As far as we’re aware, only Tom Henderson’s WTVC-Chattanooga has run a correction. Other news directors said they’d discuss the idea with company brass, but, as Veazey of WAGA-Atlanta put it, “you hate to call too much attention to the fact that you screwed up.”


Campaign Desk Staff Reporters Liz Cox Barrett and Susan Q. Stranahan contributed additional reporting to this story.

The news directors we talked to all said they had strict policies against running VNR material unless it is specifically identified as such to viewers. In each case, a hurried or inexperienced producer looking to fill airtime found a pre-produced, complete story sent by CNN, saw that it treated a compelling national issue, and used it without adequately scrutinizing the content. Bud Veazey, assistant news director at WAGA-Atlanta — who on Thursday told The Atlanta Journal-Constitution, “You’d never see anything like that in Atlanta,” before Campaign Desk pointed out that his own station had run the VNR as news — explained the thinking: “You’re looking to fill four hours — oh, here’s a nice package.”

Tom Henderson of WTVC-Chattanooga was blunter, telling Campaign Desk, “It was our mistake.” The station aired a correction last week, explaining what the material was and how it had erred.

Most of the news directors we spoke with were also genuinely angry at the Bush administration, for what they saw as a deceptive public relations campaign that took conscious advantage of the smaller stations’ well-known lack of resources: “Shame on them — that’s pretty sneaky,” said Veazey, referring to HHS. Julie Akins of KSEE-Fresno was harsher: “It’s clear that there was an attempt to deceive … It’s shocking that the Bush administration would manipulate the news media in this way.”

But some also expressed strong displeasure with CNN, which distributes pre-packaged stories to local stations around the country through its CNN Newsource service, acting as a sort of wire service for TV. Veazey said that when his station receives VNR footage from CNN, it’s clearly labeled in the slug at the top as VNR. But other news directors told us that’s not the case in their systems: You have to search through the footage to find the VNR I.D. Henderson, of WTVC-Chattanooga, told us his station “ran what appeared to be a reporter’s package, which aggravates the mistake.” And Lynn Brooks of WVUA-Tuscaloosa, confirmed in an email to a viewer, obtained by Campaign Desk, that when her station received the Medicare story, it “was designated as a ‘reporter package’, with nothing distinguishing it as a video news release.” CNN, she said, “dropped the ball.” Akins of KSEE-Fresno agreed: “I think CNN does a disservice to its affiliates” by including VNR packages in its stream of news footage. “They should create a separate VNR feed,” she said.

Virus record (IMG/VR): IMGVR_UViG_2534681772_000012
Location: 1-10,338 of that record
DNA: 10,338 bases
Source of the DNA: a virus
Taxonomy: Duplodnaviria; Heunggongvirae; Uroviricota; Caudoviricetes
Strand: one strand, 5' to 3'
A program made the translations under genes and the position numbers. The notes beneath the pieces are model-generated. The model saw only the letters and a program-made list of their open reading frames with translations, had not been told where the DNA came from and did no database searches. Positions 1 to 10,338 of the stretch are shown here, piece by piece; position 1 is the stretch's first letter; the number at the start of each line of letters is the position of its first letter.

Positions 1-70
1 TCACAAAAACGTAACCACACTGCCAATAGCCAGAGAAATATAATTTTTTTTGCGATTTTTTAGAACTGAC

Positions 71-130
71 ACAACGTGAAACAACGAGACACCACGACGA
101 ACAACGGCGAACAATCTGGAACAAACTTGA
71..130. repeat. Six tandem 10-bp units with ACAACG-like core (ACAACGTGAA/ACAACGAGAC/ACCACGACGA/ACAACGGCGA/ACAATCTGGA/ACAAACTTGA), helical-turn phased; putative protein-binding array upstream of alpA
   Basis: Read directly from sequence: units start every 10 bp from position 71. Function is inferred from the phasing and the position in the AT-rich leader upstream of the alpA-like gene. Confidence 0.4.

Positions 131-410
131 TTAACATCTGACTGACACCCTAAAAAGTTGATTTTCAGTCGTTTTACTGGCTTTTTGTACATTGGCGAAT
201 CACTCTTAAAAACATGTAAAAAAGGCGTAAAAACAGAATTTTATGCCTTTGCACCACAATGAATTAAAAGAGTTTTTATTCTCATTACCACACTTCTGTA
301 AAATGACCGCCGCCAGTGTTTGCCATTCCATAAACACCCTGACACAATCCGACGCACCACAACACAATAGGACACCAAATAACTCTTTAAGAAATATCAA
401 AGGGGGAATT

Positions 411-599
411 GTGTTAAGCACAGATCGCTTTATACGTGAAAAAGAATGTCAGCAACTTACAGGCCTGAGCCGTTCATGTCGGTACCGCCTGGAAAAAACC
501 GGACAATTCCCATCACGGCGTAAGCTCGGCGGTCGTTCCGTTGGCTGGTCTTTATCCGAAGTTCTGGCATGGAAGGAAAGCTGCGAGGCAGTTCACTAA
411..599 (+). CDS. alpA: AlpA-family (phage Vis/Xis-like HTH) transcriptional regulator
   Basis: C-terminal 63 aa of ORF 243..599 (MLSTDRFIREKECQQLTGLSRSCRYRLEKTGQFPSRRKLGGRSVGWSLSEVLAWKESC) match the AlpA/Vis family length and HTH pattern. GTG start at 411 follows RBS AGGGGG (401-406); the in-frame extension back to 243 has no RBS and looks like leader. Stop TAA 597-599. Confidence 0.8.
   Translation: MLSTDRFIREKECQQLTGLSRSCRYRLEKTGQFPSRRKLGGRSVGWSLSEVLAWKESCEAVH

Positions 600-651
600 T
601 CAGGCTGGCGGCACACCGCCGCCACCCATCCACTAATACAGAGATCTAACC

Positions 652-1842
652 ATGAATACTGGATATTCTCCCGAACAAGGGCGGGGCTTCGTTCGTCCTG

According to the news directors, CNN makes money on both ends of the process. Understandably, it charges the news stations a fee to subscribe to its satellite news feed service, just as the Associated Press charges the newspapers it serves. But Larry Moskowitz of Medialink (which Moskowitz told Campaign Desk is the world’s largest producer and distributor of VNRs) confirmed that CNN Newsource and other similar services also charge the VNR distributor, by leasing transmission time on the satellite news feed that then goes out to local stations.

This suggests a clear conflict of interest for CNN, which is apparently charging both the party with a vested interest in promoting a particular story — in the case of the now-notorious Karen Ryan, that would be HHS — and the receiving station. Along the way, it mixes in the client’s material with legitimate, CNN-produced news stories to be used by local stations - acting as a paid “news launderer” on behalf of the VNR producers.